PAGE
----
This course is designed to give students a Kechwa-Lamista experience of how indigenous peoples of the Peruvian High Amazon understand and live the links between ecological, spiritual, and community health. Students live in a Kechwa-Lamista small community, and work with an Indigenous organic farmers’ association on an alternative to itinerant slash and burn agriculture. Seminars prepare students for these immersion experiences while grounding their encounter in a political history of the region and the Kechwa-Lamista struggle to not only retain cultural autonomy and protect their lands from encroachment, but also to “talk back” to global systems of capitalism and political organization.
Ph.D., Anthropology Brandeis University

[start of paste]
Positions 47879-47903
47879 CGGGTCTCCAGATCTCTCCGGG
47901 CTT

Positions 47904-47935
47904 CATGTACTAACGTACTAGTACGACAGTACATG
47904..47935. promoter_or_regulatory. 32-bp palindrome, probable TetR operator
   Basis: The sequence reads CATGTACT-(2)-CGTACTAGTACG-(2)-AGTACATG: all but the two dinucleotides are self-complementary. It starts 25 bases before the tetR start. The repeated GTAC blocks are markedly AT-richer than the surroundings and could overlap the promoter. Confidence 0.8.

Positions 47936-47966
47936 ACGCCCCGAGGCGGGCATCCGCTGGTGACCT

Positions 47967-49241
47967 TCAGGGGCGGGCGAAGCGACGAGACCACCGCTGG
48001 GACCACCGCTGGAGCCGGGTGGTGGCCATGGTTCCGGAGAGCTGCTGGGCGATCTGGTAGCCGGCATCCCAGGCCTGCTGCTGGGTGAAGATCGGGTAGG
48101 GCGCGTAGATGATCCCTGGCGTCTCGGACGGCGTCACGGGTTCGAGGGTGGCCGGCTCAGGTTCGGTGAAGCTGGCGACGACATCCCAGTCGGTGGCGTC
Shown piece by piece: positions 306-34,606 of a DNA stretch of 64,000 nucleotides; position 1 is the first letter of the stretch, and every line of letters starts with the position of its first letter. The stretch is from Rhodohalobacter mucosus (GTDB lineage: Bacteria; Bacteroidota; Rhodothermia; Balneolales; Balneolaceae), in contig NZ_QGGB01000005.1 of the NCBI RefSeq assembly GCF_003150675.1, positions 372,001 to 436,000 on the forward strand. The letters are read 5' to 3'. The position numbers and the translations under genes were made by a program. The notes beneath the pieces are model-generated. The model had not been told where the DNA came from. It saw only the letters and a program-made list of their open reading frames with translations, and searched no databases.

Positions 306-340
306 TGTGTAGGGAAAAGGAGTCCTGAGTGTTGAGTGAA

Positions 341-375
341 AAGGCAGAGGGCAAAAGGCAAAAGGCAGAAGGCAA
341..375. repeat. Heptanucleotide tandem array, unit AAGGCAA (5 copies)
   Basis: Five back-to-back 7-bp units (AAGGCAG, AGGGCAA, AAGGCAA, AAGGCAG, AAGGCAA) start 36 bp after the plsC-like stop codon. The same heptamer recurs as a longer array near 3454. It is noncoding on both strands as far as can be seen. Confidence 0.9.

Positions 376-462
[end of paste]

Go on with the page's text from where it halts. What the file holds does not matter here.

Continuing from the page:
Frédérique Apffel-Marglin, PhD. is Professor Emerita, Dept. of Anthropology at Smith College. She founded the non profit organization Sachamama Center in 2009 which she directs. She was born in France and raised in Tangier, Morocco. She came to the US to do her University studies. She has spent years in India and Peru working with indigenous peoples and with farmers and campesinos. She was a research associate at the World Institute for Development Economics (WIDER) in Helsinki, a part of the United Nations University, for several years in the 1980′s and early 1990′s. Along with the Harvard economist Stephen A. Marglin, she has directed several research projects questioning the dominance of the modern paradigm of knowledge. She has authored as well as edited eleven books, three of them resulting from the work at WIDER: Dominating Knowledge: Development, Culture and Resistance, and Decolonizing Knowledge: From Development to Dialogue, both with Oxford Clarendon and both co-edited with S.A. Marglin; the 3rd book out of the WIDER work is Who Will Save the Forests? co-edited with Tariq Banuri.